Kevin Trudeau, the television pitchman who has been both successful and suspect, was sentenced to 10 years in prison Monday for making false claims, Reuters reports . Trudeau was found found guilty of criminal contempt in November in Chicago. The claims in question were made in Trudeau's book "The Weight Loss Cure 'They' Don't Want You To Know About" and the television spots that promoted it. In sentencing Trudeau, Judge Ronald Guzman said, "He is deceitful to the very core, and that type of conduct simply cannot stand.
OPINION
March 18, 2014 | By David H. Gans
Are secular, for-profit corporations free to violate the rights of their employees by claiming that the law violates their corporate religious conscience? That's the big question at the heart of the two blockbuster challenges to a key provision of Obamacare that will be heard by the Supreme Court next week. In its 225-year history, the Supreme Court has never held that secular, for-profit corporations are entitled to the free exercise of religion. It should not start now. Hobby Lobby and Conestoga Wood claim in their lawsuits that the Affordable Care Act's requirement that employers' health insurance plans cover preventive care for women, including the full range of FDA-approved contraceptives, violates their right to the free exercise of religion.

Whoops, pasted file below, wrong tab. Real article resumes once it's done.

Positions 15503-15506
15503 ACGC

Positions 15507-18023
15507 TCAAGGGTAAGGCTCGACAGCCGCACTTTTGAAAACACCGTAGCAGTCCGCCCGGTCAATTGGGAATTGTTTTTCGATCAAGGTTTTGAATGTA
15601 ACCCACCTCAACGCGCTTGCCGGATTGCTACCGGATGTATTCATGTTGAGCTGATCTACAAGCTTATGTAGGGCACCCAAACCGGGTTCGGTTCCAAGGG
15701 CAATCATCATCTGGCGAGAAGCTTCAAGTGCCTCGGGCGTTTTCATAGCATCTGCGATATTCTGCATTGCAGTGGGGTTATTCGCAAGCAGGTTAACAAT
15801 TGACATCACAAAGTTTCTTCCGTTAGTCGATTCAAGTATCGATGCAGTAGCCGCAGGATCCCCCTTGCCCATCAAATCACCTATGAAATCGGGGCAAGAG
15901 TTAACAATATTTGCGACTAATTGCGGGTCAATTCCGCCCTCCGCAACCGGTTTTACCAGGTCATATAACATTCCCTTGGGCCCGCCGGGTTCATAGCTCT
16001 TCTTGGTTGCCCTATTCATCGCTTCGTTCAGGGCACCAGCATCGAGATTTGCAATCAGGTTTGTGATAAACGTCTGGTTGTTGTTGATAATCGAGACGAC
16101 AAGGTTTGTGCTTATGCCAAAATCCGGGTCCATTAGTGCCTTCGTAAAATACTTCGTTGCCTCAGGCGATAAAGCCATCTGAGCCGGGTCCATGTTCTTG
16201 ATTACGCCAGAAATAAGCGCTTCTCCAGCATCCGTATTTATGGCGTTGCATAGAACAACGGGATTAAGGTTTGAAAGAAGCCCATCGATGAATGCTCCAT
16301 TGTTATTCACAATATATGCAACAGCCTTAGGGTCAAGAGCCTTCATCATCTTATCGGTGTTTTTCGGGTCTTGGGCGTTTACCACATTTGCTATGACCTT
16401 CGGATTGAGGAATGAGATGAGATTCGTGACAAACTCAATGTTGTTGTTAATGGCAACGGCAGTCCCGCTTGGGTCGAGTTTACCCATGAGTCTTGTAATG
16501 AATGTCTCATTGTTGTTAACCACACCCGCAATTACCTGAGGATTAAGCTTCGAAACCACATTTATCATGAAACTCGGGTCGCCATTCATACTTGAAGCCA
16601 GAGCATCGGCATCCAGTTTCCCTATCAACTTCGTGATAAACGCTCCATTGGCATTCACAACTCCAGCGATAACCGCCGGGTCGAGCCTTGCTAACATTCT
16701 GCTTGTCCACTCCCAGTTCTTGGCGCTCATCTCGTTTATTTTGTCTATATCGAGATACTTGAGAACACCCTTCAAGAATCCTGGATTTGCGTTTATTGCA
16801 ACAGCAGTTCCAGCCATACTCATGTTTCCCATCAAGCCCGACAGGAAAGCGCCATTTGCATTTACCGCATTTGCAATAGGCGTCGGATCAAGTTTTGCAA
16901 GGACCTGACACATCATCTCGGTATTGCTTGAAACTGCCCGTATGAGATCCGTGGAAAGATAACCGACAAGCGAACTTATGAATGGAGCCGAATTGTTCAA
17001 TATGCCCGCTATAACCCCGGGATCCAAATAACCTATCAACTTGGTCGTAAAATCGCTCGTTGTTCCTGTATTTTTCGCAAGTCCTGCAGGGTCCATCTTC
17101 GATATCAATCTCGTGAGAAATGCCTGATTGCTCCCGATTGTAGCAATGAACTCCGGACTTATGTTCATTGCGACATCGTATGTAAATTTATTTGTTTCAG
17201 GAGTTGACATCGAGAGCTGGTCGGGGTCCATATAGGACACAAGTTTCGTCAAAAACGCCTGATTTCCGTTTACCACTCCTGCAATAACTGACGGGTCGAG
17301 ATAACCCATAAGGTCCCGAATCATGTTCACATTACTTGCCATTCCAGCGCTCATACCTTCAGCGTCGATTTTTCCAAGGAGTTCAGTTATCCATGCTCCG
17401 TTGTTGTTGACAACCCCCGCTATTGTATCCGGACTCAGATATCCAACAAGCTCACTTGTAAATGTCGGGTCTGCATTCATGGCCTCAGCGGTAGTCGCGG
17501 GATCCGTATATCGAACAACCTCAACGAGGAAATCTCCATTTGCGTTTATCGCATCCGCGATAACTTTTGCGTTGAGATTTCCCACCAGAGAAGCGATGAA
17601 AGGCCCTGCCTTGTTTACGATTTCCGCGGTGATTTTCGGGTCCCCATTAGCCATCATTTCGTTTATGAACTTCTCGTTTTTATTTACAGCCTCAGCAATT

NATIONAL
March 17, 2014 | By Tina Susman
NEW YORK -- The self-proclaimed architect of the Sept. 11, 2001, attacks says a former Al Qaeda spokesman on trial in New York may have been "an eloquent, spell-binding speaker" who urged attacks on America, but he was not the high-level terrorist that prosecutors allege. In fact, Khalid Shaikh Mohammed, who was one of Al Qaeda's top organizers of terrorist operations, portrays Sulaiman abu Ghaith as a little-known figure who would never have been privy to details of upcoming attacks on Western targets.
BUSINESS
March 17, 2014 | By Chris O'Brien
Dorian Satoshi Nakamoto of Temple City, the man recently named by Newsweek as the mysterious creator of bitcoin, has hired a law firm and issued a statement late Sunday night in what he says was an attempt to "clear my name. " The statement came in an email from Ethan D. Kirschner, a Los Angeles lawyer.  "This firm has been retained by Dorian S. Nakamoto, the subject of the recent Newsweek cover story on Bitcoin," Kirschner said in an email. "He has issued the attached prepared statement.
BUSINESS
March 16, 2014 | Liz Weston, Money Talk
Dear Liz: I am 55 and my wife is 65. She only worked a few part-time jobs as she spent most of her working years raising our nine beautiful children. My question is, since she does not have enough credits to collect Social Security on her own work record, can she claim spousal benefits on my work history? If so, at what age and how will it affect my benefits? Answer: Your wife can receive spousal benefits based on your work record, but those checks can't start until you're old enough to qualify for benefits at age 62 (when she's 72)